• Know your limits - Give yourself permission to leave the group of people if it's getting too overwhelming and take a time-out. Go on a walk, lie down in another room, or just remove yourself and have a good cry. These emotions need to pass through and it is Ok to take time to experience them.

  • Spending time with the person who passed - You may want to create some sort of ritual where you express your feelings toward the person who passed. This could be writing a letter, going to the grave, or spending time in prayer if you are spiritual or religious. You can create your own idea.

  • Giving - Often times being altruistic is a great way to work through grief. Maybe this year you want to volunteer somewhere like a homeless shelter or make/buy special gifts for those who are around that you care about. Try this out.

  • Grief support group & individual therapy - If you haven't already checked out a grief support group, this may be a good thing to investigate. Look online in your area to see if there are any around. You may also want to look into individual therapy which can also be a powerful support during this time.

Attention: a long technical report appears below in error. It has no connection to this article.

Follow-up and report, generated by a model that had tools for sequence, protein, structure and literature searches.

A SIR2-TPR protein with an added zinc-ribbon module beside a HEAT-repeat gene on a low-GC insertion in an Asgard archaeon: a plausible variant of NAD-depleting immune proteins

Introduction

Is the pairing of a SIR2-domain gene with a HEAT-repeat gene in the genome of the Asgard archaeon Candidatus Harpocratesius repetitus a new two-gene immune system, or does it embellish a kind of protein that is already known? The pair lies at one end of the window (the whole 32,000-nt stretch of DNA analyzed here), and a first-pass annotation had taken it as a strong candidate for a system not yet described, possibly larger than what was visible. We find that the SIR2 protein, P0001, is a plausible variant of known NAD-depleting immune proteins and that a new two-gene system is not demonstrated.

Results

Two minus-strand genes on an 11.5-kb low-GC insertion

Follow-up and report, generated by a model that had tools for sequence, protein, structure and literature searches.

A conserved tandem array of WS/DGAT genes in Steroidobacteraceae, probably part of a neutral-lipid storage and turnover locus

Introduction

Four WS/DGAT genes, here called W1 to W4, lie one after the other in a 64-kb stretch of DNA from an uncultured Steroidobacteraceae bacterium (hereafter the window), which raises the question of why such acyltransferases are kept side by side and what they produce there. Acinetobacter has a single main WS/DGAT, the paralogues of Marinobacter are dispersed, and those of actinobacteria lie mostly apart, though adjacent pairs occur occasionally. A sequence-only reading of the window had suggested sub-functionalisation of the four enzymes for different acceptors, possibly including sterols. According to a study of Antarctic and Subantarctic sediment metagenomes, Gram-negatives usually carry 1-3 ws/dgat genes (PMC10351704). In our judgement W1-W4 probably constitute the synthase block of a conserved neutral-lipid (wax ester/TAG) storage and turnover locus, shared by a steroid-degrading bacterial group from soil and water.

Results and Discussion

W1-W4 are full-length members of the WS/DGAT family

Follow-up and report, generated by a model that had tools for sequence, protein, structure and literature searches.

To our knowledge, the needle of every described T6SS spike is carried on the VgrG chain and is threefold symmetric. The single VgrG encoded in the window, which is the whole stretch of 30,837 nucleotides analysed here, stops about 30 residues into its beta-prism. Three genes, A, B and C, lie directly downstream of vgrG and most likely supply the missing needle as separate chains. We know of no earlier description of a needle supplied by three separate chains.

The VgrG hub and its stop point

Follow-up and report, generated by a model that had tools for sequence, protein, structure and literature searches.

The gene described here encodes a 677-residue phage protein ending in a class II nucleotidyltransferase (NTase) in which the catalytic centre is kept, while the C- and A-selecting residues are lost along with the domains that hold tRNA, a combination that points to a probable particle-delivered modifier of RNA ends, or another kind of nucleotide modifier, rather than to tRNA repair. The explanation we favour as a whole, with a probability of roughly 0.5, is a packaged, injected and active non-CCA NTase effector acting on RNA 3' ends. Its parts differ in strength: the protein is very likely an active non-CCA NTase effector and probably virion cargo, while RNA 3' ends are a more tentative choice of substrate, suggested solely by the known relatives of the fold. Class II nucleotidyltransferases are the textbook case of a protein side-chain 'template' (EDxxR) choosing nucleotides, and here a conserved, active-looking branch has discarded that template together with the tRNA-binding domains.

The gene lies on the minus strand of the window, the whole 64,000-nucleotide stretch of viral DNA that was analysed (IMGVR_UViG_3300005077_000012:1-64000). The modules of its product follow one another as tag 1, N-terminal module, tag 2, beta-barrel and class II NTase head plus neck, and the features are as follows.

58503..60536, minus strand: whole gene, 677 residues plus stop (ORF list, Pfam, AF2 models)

Overall, treat yourself with love and kindness during this time and know that the intensity of this feeling will lessen over time. It is important to spend time reminiscing and feeling the emotions and also important to live in the present moment knowing that "this too shall pass".

Please feel free to share what has worked for you in your time of grief. Your living wisdom can be enormous support to others.

Elisha Goldstein, Ph.D.

Elisha Goldstein, Ph.D. is a clinical psychologist in private practice in West Los Angeles and is author of the upcoming book The Now Effect, co-author of A Mindfulness-Based Stress Reduction Workbook, Foreword by Jon Kabat-Zinn, author of the Mindful Solutions audio series, and the Mindfulness at Work™ program currently being adopted in multiple multinational corporations.

Check out Dr. Goldstein's acclaimed CD's on Mindful Solutions for Stress, Anxiety, and Depression, Mindful Solutions for Addiction and RelapsePrevention, and Mindful Solutions for Success and Stress Reduction at Work. -- "They are so relevant, I have marked them as one of my favorites on a handout I give to all new clients" ~ Psychiatrist.